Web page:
The Statesmen, while coming off as a bit rough around the edges compared to the Kingsman, leave no less of an impact in the story, starting with the sadly underused Channing Tatum. Here he reminds audiences why he’s so good in both action and comedic roles. Unfortunately the film shifts the focus off of him fairly quickly and rests it squarely on the spy named Whiskey (while the Kingsman used characters from the Arthurian Legend for their codenames, the Statesmen use drinks as theirs, ranging from Ginger (Halle Berry), to Tequila (Tatum), and even towards Champ(agne), the leader of the group as played by crusty Jeff Bridges in only the way that man knows how to do.
While I did earlier say that the plot is simplistic, it’s also made wonderfully rich with some of the most bizarre and insane twists that continue to come and throw the viewer off with where any of this is going. It is relentless with all of the surprises that Vaughn delivers the audience to where when we finally reach the denouement we’re not entirely sure if this is indeed the ending. This technique keeps the audience members on the seats, and Vaughn isn’t afraid of taking risks with these twists. That was evident in the first film when it appeared that Harry Hart had been killed in cold blood, and with this film Vaughn does not disappoint.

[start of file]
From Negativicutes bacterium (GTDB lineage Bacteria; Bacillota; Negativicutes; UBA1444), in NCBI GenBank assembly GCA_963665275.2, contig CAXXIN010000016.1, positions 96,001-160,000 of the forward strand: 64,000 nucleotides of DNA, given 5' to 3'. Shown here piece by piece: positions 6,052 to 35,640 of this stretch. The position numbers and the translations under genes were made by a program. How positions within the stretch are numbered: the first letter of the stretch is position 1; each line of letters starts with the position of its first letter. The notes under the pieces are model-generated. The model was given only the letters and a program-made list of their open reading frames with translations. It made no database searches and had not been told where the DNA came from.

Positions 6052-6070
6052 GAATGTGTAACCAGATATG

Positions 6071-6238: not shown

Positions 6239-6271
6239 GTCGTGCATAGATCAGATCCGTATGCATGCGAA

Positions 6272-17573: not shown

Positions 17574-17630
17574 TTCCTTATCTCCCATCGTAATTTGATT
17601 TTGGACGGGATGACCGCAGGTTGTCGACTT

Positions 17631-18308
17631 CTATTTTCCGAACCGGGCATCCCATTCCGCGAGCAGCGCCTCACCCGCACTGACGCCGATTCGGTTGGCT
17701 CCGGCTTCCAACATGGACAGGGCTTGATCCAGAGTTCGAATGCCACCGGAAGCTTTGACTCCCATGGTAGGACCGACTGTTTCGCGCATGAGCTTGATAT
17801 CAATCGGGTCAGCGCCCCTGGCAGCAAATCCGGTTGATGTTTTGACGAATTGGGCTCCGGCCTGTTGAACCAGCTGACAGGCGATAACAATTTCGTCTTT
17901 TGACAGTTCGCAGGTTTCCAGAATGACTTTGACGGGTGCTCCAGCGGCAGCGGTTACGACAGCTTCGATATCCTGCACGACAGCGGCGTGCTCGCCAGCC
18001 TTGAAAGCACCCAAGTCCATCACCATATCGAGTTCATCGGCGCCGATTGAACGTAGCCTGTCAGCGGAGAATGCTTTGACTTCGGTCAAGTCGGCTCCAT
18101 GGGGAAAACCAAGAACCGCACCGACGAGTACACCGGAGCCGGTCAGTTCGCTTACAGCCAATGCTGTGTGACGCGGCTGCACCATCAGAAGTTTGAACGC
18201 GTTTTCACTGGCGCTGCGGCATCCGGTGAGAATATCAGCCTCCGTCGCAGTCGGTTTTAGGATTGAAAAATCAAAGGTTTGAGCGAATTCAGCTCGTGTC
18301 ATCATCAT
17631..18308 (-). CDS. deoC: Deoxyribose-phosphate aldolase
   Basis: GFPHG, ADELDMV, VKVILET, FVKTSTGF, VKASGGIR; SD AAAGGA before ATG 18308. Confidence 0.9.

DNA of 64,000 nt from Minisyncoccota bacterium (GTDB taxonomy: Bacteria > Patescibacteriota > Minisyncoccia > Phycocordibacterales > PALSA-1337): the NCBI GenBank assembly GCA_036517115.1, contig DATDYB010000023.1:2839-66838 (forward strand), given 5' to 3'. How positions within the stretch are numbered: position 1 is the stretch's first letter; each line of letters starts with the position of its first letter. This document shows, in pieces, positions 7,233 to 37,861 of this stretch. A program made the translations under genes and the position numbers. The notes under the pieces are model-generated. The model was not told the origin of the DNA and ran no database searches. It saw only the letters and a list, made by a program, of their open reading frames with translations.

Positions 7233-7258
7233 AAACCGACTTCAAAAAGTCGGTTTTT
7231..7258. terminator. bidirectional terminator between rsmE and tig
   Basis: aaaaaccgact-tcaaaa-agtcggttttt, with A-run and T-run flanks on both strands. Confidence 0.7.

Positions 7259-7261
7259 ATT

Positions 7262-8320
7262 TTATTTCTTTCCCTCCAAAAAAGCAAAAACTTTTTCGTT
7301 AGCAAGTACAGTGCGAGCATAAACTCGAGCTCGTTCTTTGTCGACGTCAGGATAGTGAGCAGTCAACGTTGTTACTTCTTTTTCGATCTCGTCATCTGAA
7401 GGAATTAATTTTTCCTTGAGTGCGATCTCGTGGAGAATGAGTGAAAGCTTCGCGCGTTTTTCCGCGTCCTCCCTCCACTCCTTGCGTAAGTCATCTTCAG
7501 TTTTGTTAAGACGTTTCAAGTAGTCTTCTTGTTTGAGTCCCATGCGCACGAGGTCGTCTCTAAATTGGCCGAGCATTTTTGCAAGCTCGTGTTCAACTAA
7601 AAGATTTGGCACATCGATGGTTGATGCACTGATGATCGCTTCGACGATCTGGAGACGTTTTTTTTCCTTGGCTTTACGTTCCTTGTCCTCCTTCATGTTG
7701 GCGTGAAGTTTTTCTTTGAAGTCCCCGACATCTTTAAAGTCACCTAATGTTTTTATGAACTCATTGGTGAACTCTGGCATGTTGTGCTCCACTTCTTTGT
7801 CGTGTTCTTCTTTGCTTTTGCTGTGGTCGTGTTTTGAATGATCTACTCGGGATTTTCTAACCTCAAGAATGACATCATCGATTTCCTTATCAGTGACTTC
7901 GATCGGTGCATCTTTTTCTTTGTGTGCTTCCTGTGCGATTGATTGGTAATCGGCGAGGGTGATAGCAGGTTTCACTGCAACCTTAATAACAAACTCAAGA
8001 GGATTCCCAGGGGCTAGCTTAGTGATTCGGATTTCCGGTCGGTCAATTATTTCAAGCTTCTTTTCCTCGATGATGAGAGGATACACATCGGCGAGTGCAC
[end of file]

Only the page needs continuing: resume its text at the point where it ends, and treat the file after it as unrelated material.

I would be remiss if I didn’t mention this movie’s chief villain. Vaughn likes over the top villains. We saw that with Samuel L. Jackson’s villainous Valentine and the melodramatically comedic approach he took with everything he did, and that is no different than Julianne Moore, who plays Poppy, an evil genius of a businesswoman whose sunny disposition and love of all things 1950’s practically makes her into a sociopathic Betty Crocker. Her presence again just demonstrates the perfect balance that Vaughn and Goldman have in creating a viable threat to the seemingly unstoppable Kingsman and Statesmen. As dominating and victorious the Kingsman have been, Moore’s Poppy shows who is really in charge and will kill without so much as batting an eye, and the method of death will undoubtedly be ugly!
Kingsman: The Golden Circle is an outrageous movie and is not meant to be taken seriously. It’s a reminder of when spy movies with melodramatic villains were the rage in years long past, and when going to the movies was meant to be fun!
I give Kingsman: The Golden Circle 4.5 bottles of single-malt Scotch!